Marketing: Real People, Real Decisions
Authors: Michael R. Solomon, Greg Marshall, Elnora Stuart, Bradley Barnes and Vincent-Wayne Mitchell
Published by Barnes and Mitchell FT Prentice Hall (£42.96)
Reviewed by Anthony Levy. Partner at the equality and diversity consultancy Ideas Into Action
Marketing seems to mean so many different things to different people.
Academics approach it from perspectives ranging from economics to behavioural
psychology. Practitioners want to identify what tends to work. All too often
they all seem to be talking different languages with theory and reality passing
each other by. So this new book, in its first European edition, is a refreshing
initiative to bring theory and reality together using new case studies about
real marketing decisions, and commentary from real marketers testing theory in
a way that yields real insights for the reader.
It is perhaps ironic that many marketers spend their lives developing new
products and propositions yet what they need are proven models and techniques
to guide them. While the latest fashion in marketing theory can be fun, and
occasionally of value, for real marketers there is a need to understand those
frameworks, models and theories that have proved their worth in extensive use
This book brings together in one volume much of the widely used and accepted
theory, giving readers an excellent grounding on which to develop their own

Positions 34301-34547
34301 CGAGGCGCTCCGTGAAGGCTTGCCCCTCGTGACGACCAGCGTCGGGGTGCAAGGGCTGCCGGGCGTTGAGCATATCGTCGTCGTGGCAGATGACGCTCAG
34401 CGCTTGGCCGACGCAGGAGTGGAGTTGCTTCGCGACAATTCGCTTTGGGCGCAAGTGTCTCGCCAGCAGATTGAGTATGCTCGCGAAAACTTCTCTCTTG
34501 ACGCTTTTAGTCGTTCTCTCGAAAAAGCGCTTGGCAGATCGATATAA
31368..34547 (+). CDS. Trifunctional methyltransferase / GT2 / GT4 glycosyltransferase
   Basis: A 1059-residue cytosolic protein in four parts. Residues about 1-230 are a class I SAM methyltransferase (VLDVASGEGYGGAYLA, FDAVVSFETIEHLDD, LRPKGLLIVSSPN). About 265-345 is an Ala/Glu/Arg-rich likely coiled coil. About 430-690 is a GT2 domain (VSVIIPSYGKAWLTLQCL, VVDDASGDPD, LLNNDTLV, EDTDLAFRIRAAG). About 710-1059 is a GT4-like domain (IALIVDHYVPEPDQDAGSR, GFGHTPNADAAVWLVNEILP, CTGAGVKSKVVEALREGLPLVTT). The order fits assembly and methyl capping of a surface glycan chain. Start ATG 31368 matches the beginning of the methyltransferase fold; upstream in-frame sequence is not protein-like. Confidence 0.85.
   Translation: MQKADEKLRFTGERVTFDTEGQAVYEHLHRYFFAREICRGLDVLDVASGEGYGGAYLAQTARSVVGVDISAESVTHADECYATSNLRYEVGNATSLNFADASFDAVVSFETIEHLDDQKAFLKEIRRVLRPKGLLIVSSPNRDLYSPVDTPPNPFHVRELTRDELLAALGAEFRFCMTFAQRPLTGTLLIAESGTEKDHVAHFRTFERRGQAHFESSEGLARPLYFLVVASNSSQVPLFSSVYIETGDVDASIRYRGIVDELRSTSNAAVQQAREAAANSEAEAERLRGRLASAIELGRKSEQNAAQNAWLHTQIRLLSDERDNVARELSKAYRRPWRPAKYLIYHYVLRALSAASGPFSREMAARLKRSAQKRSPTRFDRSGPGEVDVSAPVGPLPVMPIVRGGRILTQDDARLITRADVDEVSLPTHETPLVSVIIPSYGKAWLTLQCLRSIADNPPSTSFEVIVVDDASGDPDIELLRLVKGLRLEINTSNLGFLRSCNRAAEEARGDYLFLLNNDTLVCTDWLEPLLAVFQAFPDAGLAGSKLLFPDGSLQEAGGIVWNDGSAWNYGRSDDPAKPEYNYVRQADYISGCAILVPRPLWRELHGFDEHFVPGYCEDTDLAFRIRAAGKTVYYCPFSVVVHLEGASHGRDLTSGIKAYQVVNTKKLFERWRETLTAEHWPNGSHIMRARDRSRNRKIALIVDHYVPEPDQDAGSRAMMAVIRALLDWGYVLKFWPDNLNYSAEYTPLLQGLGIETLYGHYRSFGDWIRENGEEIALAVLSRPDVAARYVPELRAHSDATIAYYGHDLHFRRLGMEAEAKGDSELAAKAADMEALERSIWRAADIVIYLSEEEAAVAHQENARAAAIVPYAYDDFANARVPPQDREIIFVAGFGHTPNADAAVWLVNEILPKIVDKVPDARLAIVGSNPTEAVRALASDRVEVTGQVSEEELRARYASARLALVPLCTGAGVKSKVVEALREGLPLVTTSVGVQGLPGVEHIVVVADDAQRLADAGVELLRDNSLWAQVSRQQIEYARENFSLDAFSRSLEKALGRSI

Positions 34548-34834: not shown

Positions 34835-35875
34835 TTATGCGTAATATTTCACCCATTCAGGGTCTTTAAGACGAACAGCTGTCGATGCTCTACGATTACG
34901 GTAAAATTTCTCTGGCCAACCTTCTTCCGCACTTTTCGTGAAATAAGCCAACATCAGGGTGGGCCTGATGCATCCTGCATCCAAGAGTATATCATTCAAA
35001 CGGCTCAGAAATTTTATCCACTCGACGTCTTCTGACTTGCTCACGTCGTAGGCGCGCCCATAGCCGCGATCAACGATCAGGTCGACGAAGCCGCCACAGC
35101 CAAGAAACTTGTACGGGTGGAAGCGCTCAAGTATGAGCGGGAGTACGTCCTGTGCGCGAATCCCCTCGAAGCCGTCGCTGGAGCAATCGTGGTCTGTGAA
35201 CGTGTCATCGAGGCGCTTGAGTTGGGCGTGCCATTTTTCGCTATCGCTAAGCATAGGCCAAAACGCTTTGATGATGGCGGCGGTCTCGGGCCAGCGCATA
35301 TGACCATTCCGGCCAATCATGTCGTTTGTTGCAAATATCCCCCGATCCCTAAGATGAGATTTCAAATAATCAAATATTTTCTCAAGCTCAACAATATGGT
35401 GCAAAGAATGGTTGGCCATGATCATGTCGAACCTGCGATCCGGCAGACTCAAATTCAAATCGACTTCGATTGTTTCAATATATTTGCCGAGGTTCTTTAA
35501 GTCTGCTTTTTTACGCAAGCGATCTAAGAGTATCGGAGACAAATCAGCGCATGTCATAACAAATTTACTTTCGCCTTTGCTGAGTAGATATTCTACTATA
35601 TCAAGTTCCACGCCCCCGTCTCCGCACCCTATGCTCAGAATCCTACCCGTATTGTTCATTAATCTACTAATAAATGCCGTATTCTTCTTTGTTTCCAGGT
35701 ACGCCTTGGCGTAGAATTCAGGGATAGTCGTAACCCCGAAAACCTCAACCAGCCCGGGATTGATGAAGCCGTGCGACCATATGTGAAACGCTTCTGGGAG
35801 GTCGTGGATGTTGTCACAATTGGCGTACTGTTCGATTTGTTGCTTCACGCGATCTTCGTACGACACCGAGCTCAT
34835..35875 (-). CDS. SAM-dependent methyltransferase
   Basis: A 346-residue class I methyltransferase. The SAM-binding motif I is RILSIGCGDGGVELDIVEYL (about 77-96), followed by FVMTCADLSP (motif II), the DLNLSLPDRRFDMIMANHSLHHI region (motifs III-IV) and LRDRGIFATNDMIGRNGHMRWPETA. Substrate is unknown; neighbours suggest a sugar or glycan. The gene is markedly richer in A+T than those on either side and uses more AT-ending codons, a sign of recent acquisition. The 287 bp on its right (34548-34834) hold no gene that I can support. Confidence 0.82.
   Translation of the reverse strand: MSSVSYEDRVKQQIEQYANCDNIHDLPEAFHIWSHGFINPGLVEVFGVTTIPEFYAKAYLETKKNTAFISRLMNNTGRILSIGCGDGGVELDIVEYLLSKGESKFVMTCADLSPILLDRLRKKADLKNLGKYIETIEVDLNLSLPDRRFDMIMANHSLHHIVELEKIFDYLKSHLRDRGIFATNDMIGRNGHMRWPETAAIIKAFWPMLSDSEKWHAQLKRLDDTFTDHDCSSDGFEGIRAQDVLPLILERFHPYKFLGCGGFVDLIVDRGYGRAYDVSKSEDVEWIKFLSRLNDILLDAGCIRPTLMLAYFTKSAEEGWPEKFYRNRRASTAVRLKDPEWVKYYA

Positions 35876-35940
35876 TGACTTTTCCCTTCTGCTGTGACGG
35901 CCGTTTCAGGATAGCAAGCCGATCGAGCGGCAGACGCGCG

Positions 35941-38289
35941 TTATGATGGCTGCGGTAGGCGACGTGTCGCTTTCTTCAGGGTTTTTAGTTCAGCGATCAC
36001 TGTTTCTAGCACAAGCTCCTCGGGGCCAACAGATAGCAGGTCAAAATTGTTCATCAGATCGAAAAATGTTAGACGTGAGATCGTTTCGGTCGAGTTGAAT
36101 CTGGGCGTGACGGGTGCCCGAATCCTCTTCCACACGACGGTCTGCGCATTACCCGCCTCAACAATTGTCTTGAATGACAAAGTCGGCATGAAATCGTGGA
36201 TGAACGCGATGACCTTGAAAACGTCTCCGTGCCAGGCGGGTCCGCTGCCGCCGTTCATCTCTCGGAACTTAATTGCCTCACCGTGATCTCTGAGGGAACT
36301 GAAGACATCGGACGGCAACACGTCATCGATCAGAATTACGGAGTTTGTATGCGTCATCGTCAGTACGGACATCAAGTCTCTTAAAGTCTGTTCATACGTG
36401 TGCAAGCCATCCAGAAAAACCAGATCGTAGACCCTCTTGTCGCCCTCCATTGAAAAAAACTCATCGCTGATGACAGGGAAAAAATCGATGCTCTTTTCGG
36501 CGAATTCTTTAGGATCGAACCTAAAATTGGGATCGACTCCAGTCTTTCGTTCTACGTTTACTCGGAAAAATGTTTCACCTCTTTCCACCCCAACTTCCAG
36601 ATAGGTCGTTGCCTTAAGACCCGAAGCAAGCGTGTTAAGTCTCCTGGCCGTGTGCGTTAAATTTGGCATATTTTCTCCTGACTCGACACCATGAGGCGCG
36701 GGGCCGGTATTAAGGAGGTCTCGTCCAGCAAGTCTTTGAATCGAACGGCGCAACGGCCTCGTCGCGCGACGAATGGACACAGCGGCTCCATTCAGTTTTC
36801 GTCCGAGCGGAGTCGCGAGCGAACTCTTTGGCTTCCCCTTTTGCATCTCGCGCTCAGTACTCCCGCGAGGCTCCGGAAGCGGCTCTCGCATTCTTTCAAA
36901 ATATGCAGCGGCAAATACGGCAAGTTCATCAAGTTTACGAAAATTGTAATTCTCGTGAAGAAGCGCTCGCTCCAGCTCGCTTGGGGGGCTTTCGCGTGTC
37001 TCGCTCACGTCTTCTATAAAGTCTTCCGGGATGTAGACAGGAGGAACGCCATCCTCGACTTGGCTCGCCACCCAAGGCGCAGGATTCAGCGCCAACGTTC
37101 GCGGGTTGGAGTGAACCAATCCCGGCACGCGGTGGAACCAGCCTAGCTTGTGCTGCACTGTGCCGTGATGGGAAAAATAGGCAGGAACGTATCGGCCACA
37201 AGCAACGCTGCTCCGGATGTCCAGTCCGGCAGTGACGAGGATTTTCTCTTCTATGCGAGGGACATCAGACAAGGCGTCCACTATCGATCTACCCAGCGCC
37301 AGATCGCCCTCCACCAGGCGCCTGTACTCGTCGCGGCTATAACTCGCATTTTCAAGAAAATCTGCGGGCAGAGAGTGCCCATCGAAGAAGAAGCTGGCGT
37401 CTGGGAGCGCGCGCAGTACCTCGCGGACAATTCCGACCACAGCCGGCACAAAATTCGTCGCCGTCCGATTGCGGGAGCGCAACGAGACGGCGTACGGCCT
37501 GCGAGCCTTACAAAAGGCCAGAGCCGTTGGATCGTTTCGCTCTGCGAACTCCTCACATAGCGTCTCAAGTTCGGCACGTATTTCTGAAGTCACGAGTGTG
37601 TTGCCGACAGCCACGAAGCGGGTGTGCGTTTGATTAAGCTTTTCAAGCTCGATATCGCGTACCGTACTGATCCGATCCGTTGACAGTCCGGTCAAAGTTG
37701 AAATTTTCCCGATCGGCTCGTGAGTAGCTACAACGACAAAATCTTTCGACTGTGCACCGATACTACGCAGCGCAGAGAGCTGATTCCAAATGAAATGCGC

thinking, to test new ideas and to make real decisions.
The authors have a solid grounding in their subject. They are Michael
Solomon, Professor of Marketing at the Haub School of Business at St Joseph's
University in Philadelphia and Professor of Consumer Behaviour at Manchester
University; Greg Marshall, Professor of Marketing and Strategy at the Crummer
Graduate School of Business at Rollins College in Orlando, Florida; Elnora
Stuart, Professor of Marketing at Winthrop University in Rock Hill, South
Carolina; and Bradley Barnes, Professor of International Management and
Marketing at Kent Business School at the University of Kent in Canterbury. A
fifth co-author, Vincent-Wayne Mitchell, Professor of Consumer Marketing at
Cass Business School, identified that there can be a gap between the excitement
that many students have for marketing and the reality of some courses. In this
book he and his colleagues have captured some of their passion for marketing
through the extensive use of real issues and choices faced by real people. As a
result, not only does the reader immediately engage with the topic but is
challenged to wrestle with the issues. Using an exciting portfolio of
interactions, including the online MyMarketingLab, the reader becomes a part of
a debate that is live and current.
This is no dry textbook.